* Some investors favour sale to Air France-sources
* Lock-up period for trading shares ends Jan. 12
* Air France, IMMSI investor say no talks going on
(Adds comments by IMMSI, source and banker)
By Paola Arosio and Giselda Vagnoni
MILAN/ROME, Jan 7 Investors in Alitalia who
helped rescue the airline four years ago are considering selling
their shares, with some pushing for a deal with long-time
stakeholder Air France-KLM, sources with knowledge of
the situation said on Monday.
Shares in Italian holding company IMMSI, which
owns 7 percent of Alitalia, closed up 18 percent at 0.53 euros
following speculation of a possible sale to Air France-KLM.
But the Franco-Dutch group which owns a quarter of Italy's
flagship airline said there were no talks going on.
"There is nothing. There are no negotiations," Air France's
chief executive Alexandre de Juniac told Reuters. He also said
that the airline's resources for such a move were extremely
In a statement later on Monday IMMSI also denied there were
any talks under way to sell its 7.08 percent stake in A litalia.
On Sunday Italian newspaper Il Messaggero had said that Air
France was in advanced talks to buy the whole of Alitalia,
offering a 20 percent premium to what the CAI consortium of
domestic investors had paid when the airline was rescued in
CAI is made up of listed and unlisted Italian companies and
amongst the biggest shareholders are Intesa Sanpaolo,
with 8.9 percent, road operator Atlantia with 8.9
percent and IMMSI, which also controls scooter-maker Piaggio.
CAI paid just over 1 billion euros ($1.30 billion) to rescue
the airline, weighed down by debt after years of mismanagement,
political interference and labour unrest.
The investors in the CAI consortium can exercise options to
trade their shares when a lock-up period ends on Jan. 12.
A source close to one of the investors said that any sale of
shares before October required the go- a head from the Alitalia
board and that the other shareholders had a right of first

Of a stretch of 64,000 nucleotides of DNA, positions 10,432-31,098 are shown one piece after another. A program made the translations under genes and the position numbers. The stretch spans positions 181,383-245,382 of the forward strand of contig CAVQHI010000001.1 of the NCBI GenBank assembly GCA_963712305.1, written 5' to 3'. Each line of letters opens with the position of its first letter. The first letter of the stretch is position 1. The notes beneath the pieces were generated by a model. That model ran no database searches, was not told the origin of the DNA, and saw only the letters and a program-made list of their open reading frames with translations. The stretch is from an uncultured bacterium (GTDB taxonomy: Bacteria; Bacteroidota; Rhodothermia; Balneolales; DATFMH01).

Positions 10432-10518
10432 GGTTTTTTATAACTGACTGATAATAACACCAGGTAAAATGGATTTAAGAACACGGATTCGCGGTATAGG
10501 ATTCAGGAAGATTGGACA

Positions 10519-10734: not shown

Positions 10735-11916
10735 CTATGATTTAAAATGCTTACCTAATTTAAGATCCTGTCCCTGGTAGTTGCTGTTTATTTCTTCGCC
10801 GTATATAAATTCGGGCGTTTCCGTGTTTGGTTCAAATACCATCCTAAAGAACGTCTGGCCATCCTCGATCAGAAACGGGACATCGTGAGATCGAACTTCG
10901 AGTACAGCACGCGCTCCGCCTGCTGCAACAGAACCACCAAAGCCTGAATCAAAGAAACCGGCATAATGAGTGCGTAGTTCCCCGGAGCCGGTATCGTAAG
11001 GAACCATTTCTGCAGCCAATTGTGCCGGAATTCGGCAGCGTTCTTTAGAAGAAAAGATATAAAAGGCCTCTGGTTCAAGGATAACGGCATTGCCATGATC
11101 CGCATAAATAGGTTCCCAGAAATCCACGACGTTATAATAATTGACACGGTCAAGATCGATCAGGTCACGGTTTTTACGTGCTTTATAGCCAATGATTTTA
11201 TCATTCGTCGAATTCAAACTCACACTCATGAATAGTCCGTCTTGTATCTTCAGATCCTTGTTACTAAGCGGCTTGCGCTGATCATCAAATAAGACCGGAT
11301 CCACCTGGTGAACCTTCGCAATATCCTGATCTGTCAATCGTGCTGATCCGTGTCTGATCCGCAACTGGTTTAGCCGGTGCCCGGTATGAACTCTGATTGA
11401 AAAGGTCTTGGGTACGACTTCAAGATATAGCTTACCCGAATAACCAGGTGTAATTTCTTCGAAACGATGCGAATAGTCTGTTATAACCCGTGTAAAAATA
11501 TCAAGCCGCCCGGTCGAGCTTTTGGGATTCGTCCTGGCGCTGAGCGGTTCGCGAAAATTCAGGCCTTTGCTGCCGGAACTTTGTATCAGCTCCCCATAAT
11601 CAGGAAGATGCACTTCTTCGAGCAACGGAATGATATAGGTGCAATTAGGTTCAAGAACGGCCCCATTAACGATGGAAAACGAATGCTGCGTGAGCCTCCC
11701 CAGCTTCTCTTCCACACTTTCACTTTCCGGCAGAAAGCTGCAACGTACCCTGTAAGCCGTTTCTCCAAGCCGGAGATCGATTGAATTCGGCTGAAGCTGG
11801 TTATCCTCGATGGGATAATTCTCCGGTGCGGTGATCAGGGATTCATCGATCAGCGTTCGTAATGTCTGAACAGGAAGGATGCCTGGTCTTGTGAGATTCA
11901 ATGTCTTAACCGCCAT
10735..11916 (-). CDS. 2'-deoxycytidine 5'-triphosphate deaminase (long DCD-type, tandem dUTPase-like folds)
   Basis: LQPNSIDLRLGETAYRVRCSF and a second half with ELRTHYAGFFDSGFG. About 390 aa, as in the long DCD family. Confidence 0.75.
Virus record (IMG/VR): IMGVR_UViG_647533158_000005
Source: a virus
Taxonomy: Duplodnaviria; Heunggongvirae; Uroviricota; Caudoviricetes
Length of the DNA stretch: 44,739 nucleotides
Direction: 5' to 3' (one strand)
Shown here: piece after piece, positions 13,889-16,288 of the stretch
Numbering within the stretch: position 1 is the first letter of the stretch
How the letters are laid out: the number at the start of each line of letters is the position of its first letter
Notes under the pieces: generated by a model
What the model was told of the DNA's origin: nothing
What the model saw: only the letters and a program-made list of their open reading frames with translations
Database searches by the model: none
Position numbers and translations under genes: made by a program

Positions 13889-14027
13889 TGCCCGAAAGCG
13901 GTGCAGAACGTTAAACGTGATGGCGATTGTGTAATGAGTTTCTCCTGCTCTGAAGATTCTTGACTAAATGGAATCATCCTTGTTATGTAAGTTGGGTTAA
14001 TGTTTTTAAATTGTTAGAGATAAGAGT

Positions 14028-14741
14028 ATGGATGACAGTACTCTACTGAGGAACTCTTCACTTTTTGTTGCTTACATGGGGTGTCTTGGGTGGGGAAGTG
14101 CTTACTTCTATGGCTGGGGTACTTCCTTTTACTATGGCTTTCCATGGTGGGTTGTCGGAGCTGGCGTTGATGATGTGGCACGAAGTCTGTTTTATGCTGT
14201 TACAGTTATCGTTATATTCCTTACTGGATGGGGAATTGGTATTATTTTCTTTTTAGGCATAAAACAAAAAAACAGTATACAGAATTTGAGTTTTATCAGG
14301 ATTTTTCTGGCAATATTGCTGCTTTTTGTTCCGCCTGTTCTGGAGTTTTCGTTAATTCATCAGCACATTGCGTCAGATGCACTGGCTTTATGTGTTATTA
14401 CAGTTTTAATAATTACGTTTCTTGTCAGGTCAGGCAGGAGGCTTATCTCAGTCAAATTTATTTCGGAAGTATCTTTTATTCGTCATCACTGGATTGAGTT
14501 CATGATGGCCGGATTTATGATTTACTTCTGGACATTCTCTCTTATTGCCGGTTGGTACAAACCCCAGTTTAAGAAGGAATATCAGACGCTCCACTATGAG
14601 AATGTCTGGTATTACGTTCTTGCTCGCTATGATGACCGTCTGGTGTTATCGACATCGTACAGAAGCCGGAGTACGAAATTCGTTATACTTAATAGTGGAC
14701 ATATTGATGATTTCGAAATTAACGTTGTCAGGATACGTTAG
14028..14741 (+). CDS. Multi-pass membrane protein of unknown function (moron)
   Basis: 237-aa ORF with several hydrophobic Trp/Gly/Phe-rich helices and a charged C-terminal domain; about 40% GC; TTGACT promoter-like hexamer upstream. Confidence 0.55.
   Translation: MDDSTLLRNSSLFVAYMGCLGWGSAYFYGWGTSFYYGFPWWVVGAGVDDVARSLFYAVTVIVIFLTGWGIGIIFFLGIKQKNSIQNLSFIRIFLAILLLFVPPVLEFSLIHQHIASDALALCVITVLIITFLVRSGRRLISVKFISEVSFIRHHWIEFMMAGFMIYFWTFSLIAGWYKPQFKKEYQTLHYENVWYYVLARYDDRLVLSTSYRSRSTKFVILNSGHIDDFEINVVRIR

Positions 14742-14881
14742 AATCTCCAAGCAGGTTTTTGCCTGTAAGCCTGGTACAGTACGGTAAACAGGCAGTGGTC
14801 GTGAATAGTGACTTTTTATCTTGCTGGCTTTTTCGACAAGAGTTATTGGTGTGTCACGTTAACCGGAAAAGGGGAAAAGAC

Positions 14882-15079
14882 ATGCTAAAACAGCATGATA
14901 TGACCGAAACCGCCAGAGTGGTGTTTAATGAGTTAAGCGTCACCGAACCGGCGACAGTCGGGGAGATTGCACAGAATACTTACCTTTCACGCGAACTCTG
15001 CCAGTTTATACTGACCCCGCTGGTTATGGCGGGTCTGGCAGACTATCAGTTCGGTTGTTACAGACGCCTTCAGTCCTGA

Two other sources close to Italian shareholders said there
were no formal talks to sell Alitalia, now valued by some
analysts at just over 1.1 billion euros. But they also said
investors were starting to weigh options ahead of the Jan. 12
"Discussions with the advisors have not yet begun. Investors
are starting to think about what to do ahead of Jan. 12," said a
source close to one of the investors.
"Alitalia had from the start been talking about the
opportunity to look for an industrial partner. Air France is
already an investor and if all the pieces fall into place, it (a
sale to Air France) would be the easiest option."
Italian investors have already approached several banking
advisors to help find a buyer.
"It's obvious that there is some movement among investors.
The impression is that (Alitalia's chairman Roberto) Colaninno
is pushing for a deal with Air France but not all the
shareholders agree," another source close to the situation told
Colaninno, who also controls IMMSI, is the head of the CAI
"Those who took a stake in the rescue deal are not active in
the airline sector. They could sell, but they want to make some
money," said the first source close to one of the shareholders.
"However, the situation is delicate as the elections near," the
Mediobanca analyst Massimo Vecchio said in a research note
that the only hurdle for a deal was political.
Air France tried to take over the Rome-based airline just
over four years ago. But the deal was scuppered by then Prime
Minister Silvio Berlusconi, who asked the Italian investors to
rescue the carrier instead.
Centre-right leader Berlusconi, who is running again for
prime minister in a February election, said at the weekend he
was still against the airline's sale to a foreign buyer.
"I suspect that these guys (the Italian investors) are now
passing on the message they would be happy to exit sooner rather
than later," a banker familiar with the situation said.
But a transport sector banker said Air France already
benefitted from synergies through its Skyteam alliance with the
"A deeper integration would only be more troublesome at a
time when both companies need to restructure and cut back," he
Alitalia returned to profit in the third quarter after
reporting losses in the first half, booking a net profit of 27
million euros ($35.2 million), down from 70 million euros a year
before. Net debt rose to 923 million euros at the end of
September, up by 61 million euros from the end of June.
($1 = 0.7666 euros)
(Additional reporting by Lisa Jucca, Massimo Gaia, Andrea
Mandala, Stephen Jewkes and Danilo Masoni in Milan, Massimiliano
Di Giorgio and Stefano Bernabei in Rome, Tim Hepher, Blandine
Henault and Cyril Altmeyer in Paris, Sophie Sassard in London;
Writing by Lisa Jucca; Editing by Jane Merriman and Greg